When you have a tube of paint with a generic sort of name like “Speedball Red”, it’s difficult to know what it will do when mixed with your other pigments.  Will it behave more like a cadmium red or like an Alizarin Crimson?  Can a purple be created when mixed with a blue?

Color Mix comparisons

Comparing the results of these color wheels, Speedball Red is a cooler red than I had imagined it would be.  It’s much closer to Alizarin Crimson than to Cadmium Red Light.  I will make another sample mix using a Cadmium Red Medium and a Vermillion.

Notice that using Cadmium Red Light and Joe’s blue (Phthalo) the mix is more of a brown than any sort of purple.  Good to know!  There is far too much yellow in the Cadmium Red Light, preventing a purple from appearing.

Color Wheels created using watercolor paints.


While exploring the woods with my father on Thursday, I put to use the re-discovery of beautiful grays and browns possible when mixing cadmium red light with different blues.

subtle grays of sunlit tree branches

The original intent was to find a blue that would produce a purple when mixed with cadmium red light. Only Ultramarine Blue came close to succeeding. I had forgotten what beautiful neutrals are possible using cadmium red light. I mixed a lovely brown with Cad Red and Ultramarine Blue for dried leaves fallen on the ground in another sketch I posted this morning on Third Time Around. I mixed a miniscule touch of cad red into cobalt for the subtle gray of the branch in the sketch above.

Sketchbook drawing: drawn first with fountain pen filled with black ink, followed by watercolor.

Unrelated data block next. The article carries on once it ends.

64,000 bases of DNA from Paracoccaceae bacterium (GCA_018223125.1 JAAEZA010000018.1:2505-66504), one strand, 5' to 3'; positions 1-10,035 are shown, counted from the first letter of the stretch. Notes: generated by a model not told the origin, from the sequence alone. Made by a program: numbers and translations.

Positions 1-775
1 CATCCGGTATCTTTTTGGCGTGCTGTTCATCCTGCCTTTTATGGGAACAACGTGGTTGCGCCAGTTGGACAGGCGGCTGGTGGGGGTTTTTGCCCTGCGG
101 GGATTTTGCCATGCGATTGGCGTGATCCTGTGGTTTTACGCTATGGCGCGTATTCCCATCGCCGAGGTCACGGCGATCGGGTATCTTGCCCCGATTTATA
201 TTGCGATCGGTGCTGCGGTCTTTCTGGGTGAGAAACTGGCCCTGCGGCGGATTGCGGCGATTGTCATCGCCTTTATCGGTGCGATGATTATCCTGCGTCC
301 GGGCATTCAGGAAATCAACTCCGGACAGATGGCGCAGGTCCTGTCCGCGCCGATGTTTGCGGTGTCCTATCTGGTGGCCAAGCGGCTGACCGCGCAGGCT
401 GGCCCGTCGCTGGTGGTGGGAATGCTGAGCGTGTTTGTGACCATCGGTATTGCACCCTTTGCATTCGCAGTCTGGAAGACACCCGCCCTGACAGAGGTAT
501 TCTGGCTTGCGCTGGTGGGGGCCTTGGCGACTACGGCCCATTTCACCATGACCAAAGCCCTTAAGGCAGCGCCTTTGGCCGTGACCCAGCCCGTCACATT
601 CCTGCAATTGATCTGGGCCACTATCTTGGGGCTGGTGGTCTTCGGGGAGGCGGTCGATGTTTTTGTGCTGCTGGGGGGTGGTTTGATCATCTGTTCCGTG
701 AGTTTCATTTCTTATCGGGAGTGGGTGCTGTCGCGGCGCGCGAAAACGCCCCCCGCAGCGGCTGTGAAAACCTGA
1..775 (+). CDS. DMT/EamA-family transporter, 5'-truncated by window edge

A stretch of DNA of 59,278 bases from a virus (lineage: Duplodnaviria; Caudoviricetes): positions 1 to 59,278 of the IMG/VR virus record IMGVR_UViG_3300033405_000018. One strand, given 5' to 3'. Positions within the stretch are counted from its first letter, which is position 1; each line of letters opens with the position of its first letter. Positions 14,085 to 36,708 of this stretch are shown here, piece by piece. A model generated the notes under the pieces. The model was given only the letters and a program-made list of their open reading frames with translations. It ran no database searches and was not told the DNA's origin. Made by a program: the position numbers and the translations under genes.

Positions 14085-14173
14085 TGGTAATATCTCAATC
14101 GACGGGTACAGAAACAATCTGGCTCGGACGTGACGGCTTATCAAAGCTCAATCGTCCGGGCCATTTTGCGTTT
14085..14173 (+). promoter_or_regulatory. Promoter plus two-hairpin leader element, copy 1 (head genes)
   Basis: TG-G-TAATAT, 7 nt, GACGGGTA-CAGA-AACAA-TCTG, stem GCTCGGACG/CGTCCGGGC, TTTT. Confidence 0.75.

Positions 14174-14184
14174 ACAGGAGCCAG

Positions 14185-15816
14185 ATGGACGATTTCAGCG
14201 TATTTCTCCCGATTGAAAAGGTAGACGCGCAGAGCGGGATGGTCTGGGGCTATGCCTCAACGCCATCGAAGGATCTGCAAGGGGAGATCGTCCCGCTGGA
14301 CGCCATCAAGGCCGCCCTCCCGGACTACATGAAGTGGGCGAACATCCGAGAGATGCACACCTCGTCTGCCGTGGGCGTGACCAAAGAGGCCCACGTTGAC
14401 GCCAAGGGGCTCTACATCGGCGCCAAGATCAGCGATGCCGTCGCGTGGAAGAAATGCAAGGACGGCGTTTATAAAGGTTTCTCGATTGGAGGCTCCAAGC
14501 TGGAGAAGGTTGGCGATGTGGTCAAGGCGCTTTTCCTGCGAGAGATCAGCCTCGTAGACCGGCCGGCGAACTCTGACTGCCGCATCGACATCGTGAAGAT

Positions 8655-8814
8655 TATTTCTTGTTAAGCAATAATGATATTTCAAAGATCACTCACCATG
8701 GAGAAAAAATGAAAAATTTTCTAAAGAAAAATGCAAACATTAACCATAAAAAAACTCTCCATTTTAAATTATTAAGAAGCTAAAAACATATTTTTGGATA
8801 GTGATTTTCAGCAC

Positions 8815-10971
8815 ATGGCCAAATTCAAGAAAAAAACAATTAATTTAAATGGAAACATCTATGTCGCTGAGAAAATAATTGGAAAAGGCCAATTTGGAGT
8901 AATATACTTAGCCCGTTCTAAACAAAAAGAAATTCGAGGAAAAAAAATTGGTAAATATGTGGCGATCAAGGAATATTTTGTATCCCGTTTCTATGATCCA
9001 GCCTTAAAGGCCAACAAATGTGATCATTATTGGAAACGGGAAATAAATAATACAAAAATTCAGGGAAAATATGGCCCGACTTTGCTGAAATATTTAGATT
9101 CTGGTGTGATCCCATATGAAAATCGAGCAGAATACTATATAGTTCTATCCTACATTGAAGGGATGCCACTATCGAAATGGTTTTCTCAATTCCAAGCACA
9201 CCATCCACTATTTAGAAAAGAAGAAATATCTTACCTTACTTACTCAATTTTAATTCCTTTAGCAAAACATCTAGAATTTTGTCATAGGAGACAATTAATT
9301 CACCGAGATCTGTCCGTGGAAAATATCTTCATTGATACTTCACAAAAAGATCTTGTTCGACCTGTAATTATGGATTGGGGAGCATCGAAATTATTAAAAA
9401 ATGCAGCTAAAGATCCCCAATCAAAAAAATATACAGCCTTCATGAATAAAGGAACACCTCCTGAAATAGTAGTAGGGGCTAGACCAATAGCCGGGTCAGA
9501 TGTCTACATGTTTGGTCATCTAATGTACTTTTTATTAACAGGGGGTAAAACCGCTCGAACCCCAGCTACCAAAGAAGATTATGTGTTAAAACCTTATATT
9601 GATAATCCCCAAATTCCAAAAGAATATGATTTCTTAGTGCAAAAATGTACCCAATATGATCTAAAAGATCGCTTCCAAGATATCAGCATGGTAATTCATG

Knowing what limited palette to chose when traveling is important.  Making a new, twelve hue color wheel from a random choice of yellow, red and blue to play the color scheme game is both time consuming and rewarding.  the color wheels provide both answers as well as questions.

Reds and Blues that don't mix to produce purples

While making sample wheels for the Color Scheme Game I ran into trouble trying to achieve purple, red-purple and blue-purple when I used Cadmium Red Light.    The mix went immediately to brown or gray.  I decided to do linear test strips showing gradual mixes of cadmium red with an assortment of blues.

Over the years I have skirted around the issue of choosing between cobalt blue and ultramarine blue, often thinking they are interchangeable.  They aren’t.  There is debate over the warm/cool nature of blues.  I have read that French Ultramarine Blue is the coldest of blues.  I don’t find that true at all.  In my mind, the blues closer to green are cooler than the blues closer to purple.  Purple is a warmer color than green.  Ultramarine blue is definitely closer to purple than any of the other blues.  The chart above, in my mind, proves that point of view.  It is only Ultramarine Blue Light and French Ultramarine Blue that produce a hue close to purple when mixed with Cadmium Red Light.

On the other hand… Ultramarine Blue gives a much muddier green when mixed wit yellow than any of the other blues.  Makes perfect sense to me since Ultramarine has more red in it.  The red neutralizes the green.  All of the other blues are closer to green.  There is no red to neutralize the green.  As a result, the greens are more vibrant.

It is easier for me to see the characteristics of the pigment when I make my color wheels with watercolor.